Dungeons & Dragons: Honor Among Thieves Has Heart and Laughs

Simon (Justice Smith), Edgin (Chris Pine), Doric (Sophia Lillis), and Holga (Michelle Rodriguez) stand looking confused and concerned.

Dungeons & Dragons: Honor Among Thieves, based on the popular board game still alive and thriving decades later, is one of those films that surprises you with how good it is as the story progresses. As you watch, you think, “this is ridiculous,” in a mocking tone at first. Then it becomes a laughing one by the end. It grows on you with each outrageous scene. It’s as though Dungeons & Dragons: Honor Among Thieves made a smoothie with Spaceballs and The Avengers to a side-splitting effect. 

The film, directed by John Francis Daley and Jonathan Goldstein with a screenplay by Daley, Goldstein, and Michael Gilio, comes with a lively cast, aside from Michelle Rodriguez’s hilariously monotone deliveries. This includes Chris Pine, Regé-Jean Page, Justice Smith, Hugh Grant, and Sophia Lillis rounding out the sticky-fingered crew. However, the story begins in jail or at an early release hearing—medieval style. 

Dungeons & Dragons Has Humor That Wallops You Repeatedly Until You’re Crying in Laughter

Some bits improve over their longevity. Dungeons & Dragons: Honor Among Thieves sets this up immediately with Edgin (Chris Pine) and Holga (Michelle Rodriguez) explaining—well, Edgin is—how they ended up in a life of crime. Edgin keeps halting his moving story that viewers see depicted onscreen to emphasize how important it is to wait for one committee member to arrive. He does this repeatedly, and his delivery and timing, with the addition of the dramatic music from his heartfelt story stopping, leaves you laughing more each time.

Edgin (Chris Pine) and Xenk (Regé-Jean Pag) looking at something in Xenk's hands.
Dungeons & Dragons: Honor Among Thieves Chris Pine plays Edgin and Regé-Jean Page plays Xenk. From Paramount Pictures.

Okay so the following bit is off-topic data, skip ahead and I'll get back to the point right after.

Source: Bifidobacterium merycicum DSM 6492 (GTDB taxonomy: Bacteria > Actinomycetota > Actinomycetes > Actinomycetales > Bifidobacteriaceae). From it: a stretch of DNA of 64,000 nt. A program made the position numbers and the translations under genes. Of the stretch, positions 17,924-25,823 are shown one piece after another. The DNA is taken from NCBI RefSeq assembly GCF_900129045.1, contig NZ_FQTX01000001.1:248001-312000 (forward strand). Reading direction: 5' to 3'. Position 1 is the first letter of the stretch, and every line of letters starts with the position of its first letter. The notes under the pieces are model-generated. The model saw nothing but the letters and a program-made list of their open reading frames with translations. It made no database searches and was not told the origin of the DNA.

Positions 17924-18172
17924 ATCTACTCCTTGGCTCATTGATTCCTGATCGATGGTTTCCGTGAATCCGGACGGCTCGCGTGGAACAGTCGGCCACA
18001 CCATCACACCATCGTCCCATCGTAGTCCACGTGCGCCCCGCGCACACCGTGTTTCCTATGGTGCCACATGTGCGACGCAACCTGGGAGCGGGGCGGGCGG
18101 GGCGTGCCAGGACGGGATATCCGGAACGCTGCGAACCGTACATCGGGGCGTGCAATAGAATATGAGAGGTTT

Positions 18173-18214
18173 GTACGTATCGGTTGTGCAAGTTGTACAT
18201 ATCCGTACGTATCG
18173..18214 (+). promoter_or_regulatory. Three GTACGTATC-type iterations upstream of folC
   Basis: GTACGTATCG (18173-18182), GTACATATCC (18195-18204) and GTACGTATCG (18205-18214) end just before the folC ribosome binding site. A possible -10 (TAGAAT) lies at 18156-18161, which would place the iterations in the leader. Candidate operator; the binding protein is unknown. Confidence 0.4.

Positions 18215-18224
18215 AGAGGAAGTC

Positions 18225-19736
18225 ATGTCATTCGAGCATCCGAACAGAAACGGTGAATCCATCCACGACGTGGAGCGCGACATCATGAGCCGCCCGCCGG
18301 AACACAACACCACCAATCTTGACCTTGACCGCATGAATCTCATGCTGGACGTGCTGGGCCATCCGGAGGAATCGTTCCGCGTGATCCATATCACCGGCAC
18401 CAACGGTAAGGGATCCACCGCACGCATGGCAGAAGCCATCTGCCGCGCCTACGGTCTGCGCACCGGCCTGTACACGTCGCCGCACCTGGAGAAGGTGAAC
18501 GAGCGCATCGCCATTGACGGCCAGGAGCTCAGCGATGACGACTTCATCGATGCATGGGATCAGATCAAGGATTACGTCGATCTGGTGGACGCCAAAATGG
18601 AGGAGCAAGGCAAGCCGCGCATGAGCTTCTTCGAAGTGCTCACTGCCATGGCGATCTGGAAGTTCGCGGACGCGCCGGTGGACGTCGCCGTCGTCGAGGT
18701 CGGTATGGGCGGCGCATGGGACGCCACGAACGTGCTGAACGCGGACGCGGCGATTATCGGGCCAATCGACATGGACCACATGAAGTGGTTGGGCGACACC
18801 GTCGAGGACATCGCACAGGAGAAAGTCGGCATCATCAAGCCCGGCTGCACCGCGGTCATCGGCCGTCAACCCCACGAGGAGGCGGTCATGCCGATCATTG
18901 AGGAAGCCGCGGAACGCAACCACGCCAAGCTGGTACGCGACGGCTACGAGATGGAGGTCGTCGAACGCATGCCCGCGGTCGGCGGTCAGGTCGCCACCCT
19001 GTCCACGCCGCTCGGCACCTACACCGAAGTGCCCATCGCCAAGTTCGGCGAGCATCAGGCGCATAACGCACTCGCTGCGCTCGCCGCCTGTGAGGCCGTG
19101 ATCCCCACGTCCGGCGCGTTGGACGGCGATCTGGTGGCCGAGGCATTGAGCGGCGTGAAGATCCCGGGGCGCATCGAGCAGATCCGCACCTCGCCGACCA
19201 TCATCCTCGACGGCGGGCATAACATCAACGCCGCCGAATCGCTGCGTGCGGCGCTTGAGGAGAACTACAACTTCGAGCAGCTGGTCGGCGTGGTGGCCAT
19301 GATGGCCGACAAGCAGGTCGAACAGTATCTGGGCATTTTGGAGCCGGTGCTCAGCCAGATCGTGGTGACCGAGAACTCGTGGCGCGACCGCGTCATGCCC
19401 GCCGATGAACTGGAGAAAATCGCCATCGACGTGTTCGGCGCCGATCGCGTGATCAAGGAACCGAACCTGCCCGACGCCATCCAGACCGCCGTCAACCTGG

Another bright spot was Holga because her deadpan delivery counters Edgin’s animated responses. Like Edgin, her jokes kept going with hysterical results. Sometimes a bit takes repetition to build laughs. Both Chris Pine and Michelle Rodriguez are hilarious in their roles. Justice Smith as Simon and Sophia Lillis as Doric round out the crew, creating an awkward youthful counter. Simon struggles to perform magic primarily due to his imposter syndrome, believing he lacks talent. Regé-Jean Page adds a regally comedic layer, and, unfortunately, he isn’t on screen more. 

References Other Films and Genres

The humor is that practical comedy present in films like Spaceballs. I still remember them combing the desert. When Dungeons & Dragons: Honor Among Thieves does a rotating shot lifted from the dramatic scene in The Avengers, I nearly fell out of my chair laughing. Some jokes remind me of technological humor in other films, like the glitch when Edgin performs. The movie has so much to enjoy, and it’s funnier the more you watch. Even magical battles are Western-style showdowns, showing the movie understands its genre and how to channel other beloved films and genres. 

Dungeons & Dragons: Honor Among Thieves is reminiscent of ridiculously laughable horror from decades past. It’s a sketch that doesn’t end, with practical effects that bring to mind Labyrinth and other Jim Henson-style films and series. There are films you watch in theaters, and that’s the end. Then there are others you must have in your collection, and Dungeons & Dragons: Honor Among Thieves falls into the latter. It’s one that you can revisit time and again with an underlying heartfelt story of family, with neverending laughter

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